christopher james

Poems and prattle

Tag: folk

‘Sing us an old song’ – Review of Before by Boo Hewerdine

A new album by Boo Hewerdine is always an occasion for bell-ringing, carousing and general rejoicing. In short, it’s something to look forward to. ‘Before’ is no exception. Except ‘looking forward to’ is perhaps the wrong phrase, because this is another impeccable collection of those irresistibly old-fashioned songs in which Boo excels.

He admits as much himself in ‘Old Songs,’ in praise of the ancient melodies that had families gathered in parlours singing with grandad, a pint of stout and a woodbine. ‘Sing us an old song,’ he begs, ‘one we all know, that lives in our memories from so long ago.’ It’s a lament for a simpler, happier time when families didn’t disappear into their devices and Netflix box sets on a Friday evening. Not only does it seem like it was written about the 1930s, it sounds like it was written then too. What makes Boo’s music so audacious is that he attempts (and usually succeeds) in creating brand new classics.

There are two theories. Either he has a stash of Sinatra and Nat King Cole albums that no one else has heard, and is slowly releasing the songs, or else he has an ear trumpet that reaches all the way back to 1937. His ability to transport you back to the golden age of popular song is consistently astonishing.

Last Rays of the Sun is a nostalgic, elegiac reflection on ageing, with toy piano accompaniment. ‘We see true beauty in the last rays of the sun.’ It’s one of those luminous, mid-pace numbers that Boo has made his own. His McCartney-esque melody is a counterpoint to the gloomy ruminations, the metronomic ticking in the background reminding us of the unstoppable march of time.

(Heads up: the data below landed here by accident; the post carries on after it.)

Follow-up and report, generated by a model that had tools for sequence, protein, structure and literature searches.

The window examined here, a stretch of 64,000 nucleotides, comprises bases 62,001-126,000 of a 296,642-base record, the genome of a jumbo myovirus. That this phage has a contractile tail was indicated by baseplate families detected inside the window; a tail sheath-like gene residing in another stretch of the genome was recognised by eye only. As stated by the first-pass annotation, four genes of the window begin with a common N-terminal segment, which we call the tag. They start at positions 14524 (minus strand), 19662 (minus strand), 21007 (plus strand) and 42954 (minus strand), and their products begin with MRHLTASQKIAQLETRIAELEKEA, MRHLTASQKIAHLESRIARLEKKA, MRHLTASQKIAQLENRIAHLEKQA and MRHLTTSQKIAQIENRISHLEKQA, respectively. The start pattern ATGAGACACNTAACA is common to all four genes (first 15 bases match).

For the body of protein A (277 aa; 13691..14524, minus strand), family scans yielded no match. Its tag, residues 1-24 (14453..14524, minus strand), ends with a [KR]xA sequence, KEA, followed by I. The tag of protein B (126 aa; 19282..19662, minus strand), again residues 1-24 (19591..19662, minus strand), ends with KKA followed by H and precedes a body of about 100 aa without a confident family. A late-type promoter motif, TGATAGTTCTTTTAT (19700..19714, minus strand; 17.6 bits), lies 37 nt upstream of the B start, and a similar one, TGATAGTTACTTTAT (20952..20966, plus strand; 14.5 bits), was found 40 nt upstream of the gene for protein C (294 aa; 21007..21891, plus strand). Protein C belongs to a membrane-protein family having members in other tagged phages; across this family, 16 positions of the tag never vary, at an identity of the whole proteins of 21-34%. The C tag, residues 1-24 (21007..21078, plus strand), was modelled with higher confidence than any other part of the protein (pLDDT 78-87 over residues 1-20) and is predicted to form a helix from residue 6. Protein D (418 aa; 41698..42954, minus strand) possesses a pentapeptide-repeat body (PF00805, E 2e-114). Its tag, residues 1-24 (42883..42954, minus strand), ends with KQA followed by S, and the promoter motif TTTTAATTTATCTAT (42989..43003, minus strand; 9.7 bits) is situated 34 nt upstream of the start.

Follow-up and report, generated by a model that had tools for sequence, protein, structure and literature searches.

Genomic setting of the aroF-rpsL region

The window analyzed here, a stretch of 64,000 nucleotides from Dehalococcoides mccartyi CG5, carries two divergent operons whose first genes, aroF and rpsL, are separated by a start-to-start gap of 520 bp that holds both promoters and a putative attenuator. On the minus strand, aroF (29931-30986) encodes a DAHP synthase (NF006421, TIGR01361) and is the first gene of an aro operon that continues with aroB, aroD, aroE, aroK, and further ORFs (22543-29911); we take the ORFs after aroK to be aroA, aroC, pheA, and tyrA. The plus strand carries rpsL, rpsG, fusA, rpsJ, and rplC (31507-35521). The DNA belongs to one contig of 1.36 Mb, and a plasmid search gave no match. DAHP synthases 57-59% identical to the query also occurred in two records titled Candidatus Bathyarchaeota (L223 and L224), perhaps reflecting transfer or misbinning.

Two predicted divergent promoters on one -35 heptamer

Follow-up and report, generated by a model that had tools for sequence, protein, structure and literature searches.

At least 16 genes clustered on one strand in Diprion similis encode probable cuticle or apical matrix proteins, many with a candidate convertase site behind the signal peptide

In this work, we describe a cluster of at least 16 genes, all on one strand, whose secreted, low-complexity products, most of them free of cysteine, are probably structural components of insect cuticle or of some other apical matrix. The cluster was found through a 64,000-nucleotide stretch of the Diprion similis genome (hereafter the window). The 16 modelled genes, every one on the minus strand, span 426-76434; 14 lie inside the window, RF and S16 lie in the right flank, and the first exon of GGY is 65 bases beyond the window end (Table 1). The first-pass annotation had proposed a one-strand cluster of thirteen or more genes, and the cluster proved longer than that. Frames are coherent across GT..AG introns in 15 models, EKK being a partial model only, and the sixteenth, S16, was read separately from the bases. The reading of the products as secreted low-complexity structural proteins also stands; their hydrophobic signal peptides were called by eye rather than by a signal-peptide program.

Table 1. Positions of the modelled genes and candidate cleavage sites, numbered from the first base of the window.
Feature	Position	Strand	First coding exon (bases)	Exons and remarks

One of the many delicious quirks of this album are the extra tracks between the songs – eccentric instrumentals that foreshadow the main songs. For example, the one before Before is called Before Before. It’s a little confusing, but you get the idea. These are recorded in bizarre, creaky, arrangements on what sound like Japanese banjos and toy pianos. They’re like those odd, lean-to sheds that are squeezed into the gaps between houses. My favourite is Prepared, a funky, lo-fi interlude that threatens to turn into something interesting before vanishing into the ether.

If the opening track is a reflection on advancing years, then Imaginary Friends is a bittersweet look back at childhood spent on bicycles riding ‘by the old canal.’ It conjures images of a lonely existence, but with the consolation of a vivid imagination. It’s graced with beautiful instrumental passages, descending lines and unusual instrumentation.

Silhouette is the first of the true classics, beginning with a delicate, timpani-like accompaniment, rather like opening a music box. The lyric is masterful ‘When shadows are your own company, then you’re a silhouette.’ While classic sounding, the melodies are genuinely affecting, reliably inventive and freshly minted.

The title song, Before, continues the purple patch. Except this time, we’re not merely returning to the early 20th century. Instead Boo transports us back several million years ago, to an unspoilt planet Earth untroubled by human meddling. ‘Come with me and understand, this was never our own land.’ It’s a brilliantly original take on conservation, climate change and a warning against hubris. We weren’t around for billions of years and the Earth did just fine without us.

Reno is something of a departure; a low-key country balled, complete with mournful dobro. ‘Don’t go to Reno’ is Boo’s advice – ‘you won’t come back this time.’ By the resigned tone of his singing, he doesn’t believe you’ll follow his advice. He knows you’ll be led into temptation.

Undoubtedly the jewel of the collection is Starlight, a song he had already gifted to Eddie Reader. She delivers an ethereally beautiful cover; yet Boo’s stripped back version is arguably better. His voice is high and keening and the melody utterly mesmerising. If it found its way into a Disney film it would earn him a million pounds.

Wild Honey is another magical tune, with fragmented poetic lyrics, but like so many of the songs on Before, it’s tinged with melancholy. That’s perhaps why the optimistic, defiant sounding ‘I Wish I Had Wings’ is such a welcome closer. I imagined hundreds of synchronised swimmers performing to it, in a lavish finale to an MGM musical. ‘I know these words aren’t much, but I don’t care/I can hear an orchestra it’s in the air.’